The Importance of Climate Friendly Soil

Posted on Thursday, 23 July 2020 under Farmer Story Series

The key to climate-friendly soil is healthy soil. Soil health is a top priority for farmers who rely on good soil for nutrient-rich foods, it also has the capacity to act as a carbon sink, making it an important climate initiative. Trials in Europe have demonstrated that “soil carbon sequestration is regarded as one of only a few strategies that could be applied at large scales and at a relatively low cost” (Paustian et al., 2016). Sequestering carbon refers to removing carbon from the atmosphere and storing it in a stable way that won’t be easily released back into the atmosphere. Carbon dioxide and nitrous oxide are two out of three main greenhouse gases that threaten our climate. Through the management of agricultural soils, there is great potential to capture carbon in the ground as well as reduce or eliminate nitrogen fertilizer inputs.

Having a greater presence of soil organic matter benefits the environment and farmers. #FFCFClimateAction Share on X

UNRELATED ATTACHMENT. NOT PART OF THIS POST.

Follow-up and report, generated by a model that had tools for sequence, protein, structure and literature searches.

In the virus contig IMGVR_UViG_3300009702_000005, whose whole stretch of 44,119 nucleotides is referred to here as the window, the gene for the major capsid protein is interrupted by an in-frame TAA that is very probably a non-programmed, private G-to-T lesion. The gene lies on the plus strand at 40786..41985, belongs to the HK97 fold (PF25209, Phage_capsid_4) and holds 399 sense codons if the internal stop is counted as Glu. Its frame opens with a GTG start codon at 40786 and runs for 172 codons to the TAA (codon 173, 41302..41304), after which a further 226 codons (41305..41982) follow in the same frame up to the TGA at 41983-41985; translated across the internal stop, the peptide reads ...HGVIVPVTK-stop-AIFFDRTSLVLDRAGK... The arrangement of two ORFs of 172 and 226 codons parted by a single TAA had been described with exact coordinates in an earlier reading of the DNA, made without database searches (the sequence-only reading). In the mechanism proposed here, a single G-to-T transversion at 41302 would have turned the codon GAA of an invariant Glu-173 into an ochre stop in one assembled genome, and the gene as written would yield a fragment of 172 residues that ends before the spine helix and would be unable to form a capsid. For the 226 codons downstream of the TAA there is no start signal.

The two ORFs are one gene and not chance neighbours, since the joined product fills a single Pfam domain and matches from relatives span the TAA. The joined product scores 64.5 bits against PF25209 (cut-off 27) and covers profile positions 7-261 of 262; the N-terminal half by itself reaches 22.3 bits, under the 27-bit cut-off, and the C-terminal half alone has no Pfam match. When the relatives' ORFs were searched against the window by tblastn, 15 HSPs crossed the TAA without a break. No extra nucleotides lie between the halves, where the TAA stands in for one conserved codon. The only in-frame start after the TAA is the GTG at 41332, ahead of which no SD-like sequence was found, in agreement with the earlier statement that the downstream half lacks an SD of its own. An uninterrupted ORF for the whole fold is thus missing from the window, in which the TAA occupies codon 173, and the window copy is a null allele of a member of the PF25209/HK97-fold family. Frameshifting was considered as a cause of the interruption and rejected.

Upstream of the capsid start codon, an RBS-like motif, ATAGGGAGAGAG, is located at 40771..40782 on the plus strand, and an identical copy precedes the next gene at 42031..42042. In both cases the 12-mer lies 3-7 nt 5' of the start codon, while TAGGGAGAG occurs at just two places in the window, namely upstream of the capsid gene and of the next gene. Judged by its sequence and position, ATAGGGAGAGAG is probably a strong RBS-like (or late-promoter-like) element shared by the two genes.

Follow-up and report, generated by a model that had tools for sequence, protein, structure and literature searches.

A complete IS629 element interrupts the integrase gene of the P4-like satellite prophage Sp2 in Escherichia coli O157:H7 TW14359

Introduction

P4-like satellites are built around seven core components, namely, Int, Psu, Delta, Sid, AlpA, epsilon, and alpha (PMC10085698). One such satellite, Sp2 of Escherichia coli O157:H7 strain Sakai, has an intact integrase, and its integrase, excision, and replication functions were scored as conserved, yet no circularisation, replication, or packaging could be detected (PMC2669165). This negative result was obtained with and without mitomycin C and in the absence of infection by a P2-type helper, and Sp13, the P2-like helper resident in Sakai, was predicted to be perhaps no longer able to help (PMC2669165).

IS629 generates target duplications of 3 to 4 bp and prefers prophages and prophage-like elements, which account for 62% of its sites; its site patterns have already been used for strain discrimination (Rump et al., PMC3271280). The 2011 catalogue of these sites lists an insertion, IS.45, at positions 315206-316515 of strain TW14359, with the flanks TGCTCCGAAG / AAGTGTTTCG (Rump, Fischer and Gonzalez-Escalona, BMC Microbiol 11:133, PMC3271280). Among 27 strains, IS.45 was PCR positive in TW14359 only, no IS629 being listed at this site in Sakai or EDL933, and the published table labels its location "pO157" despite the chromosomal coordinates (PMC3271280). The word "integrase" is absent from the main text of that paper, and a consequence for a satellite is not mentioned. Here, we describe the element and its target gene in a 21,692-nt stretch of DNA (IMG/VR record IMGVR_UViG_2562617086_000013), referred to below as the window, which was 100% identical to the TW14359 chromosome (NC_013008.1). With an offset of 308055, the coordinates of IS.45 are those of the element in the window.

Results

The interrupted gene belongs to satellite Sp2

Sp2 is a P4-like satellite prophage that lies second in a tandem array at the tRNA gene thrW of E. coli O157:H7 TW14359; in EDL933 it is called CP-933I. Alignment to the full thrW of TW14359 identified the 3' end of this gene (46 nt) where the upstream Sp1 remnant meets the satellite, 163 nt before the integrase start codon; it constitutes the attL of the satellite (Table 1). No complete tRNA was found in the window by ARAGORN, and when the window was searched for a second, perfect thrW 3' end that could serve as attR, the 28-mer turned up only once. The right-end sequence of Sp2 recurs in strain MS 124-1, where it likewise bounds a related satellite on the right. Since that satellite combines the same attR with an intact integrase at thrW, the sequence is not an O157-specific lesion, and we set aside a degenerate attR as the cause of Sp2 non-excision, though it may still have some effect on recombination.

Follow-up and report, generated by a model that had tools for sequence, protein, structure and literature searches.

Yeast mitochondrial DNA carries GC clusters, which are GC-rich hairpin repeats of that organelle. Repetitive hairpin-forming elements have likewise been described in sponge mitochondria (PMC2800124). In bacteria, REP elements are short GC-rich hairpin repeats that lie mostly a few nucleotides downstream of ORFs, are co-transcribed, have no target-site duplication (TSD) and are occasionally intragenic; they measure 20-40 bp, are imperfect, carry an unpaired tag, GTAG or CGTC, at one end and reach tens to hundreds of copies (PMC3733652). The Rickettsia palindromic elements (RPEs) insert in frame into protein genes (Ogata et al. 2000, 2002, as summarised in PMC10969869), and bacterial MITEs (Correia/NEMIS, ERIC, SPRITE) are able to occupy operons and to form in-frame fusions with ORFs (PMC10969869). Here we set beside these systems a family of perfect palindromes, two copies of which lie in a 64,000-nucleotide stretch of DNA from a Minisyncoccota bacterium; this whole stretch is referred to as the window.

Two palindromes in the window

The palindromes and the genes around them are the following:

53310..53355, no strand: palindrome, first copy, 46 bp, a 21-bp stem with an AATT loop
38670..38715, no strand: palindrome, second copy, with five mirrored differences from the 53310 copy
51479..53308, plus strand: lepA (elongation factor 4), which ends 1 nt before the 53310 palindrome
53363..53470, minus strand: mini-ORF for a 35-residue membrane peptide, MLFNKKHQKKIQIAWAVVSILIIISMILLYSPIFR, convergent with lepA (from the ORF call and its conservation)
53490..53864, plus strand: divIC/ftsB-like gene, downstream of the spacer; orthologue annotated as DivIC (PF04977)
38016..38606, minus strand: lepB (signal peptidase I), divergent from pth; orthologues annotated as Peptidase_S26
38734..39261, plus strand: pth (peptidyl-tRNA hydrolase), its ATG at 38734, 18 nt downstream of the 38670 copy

When soil is in a healthy state, there is a heavy presence of soil organic matter (carbon) which includes living organisms, decomposing material, and fresh reside. Jo Tobias is the creator of RootShoot Soils, an agriculture consulting agency and extension service based in Vancouver, BC. Tobias is a regenerative soils consultant and provided an in-depth description of what ‘living soils’ means. When she studies soil samples for clients to determine its health she said, “I look at bacteria, the fungi, protozoa, nematodes, microarthropods, things like that.” Tobias uses this criteria, quantifying these organisms based on what crops farmers are growing. She checks if the soil hosts these microbes and microorganisms and how diverse they are within the soil system. She adds, “The main idea is understanding biological diversity because there is a relationship that happens between plants and soil organisms and the services that soil organisms provide the plants and vice versa. Plants exude carbon compounds, so they release these carbon compounds as part of the photosynthetic process, from there they feed microorganisms in the soil and the microorganisms will then provide them nutrients in return.” Good quality compost is one of the best ways to create life in the soil, Tobias states, “A lot of these living organisms can be found in our compost pile, but we have to make and manage these compost piles properly. At the end of the day, when we want to put compost back into the soil it’s not just about the organic matter that is in the compost. What we also want to bring back are the microbes that are in that organic matter”. She continues, “Maximizing the use of the compost pile produced on the farm and understanding how we go about inoculating soil with the microbes from your compost is important for farmers.”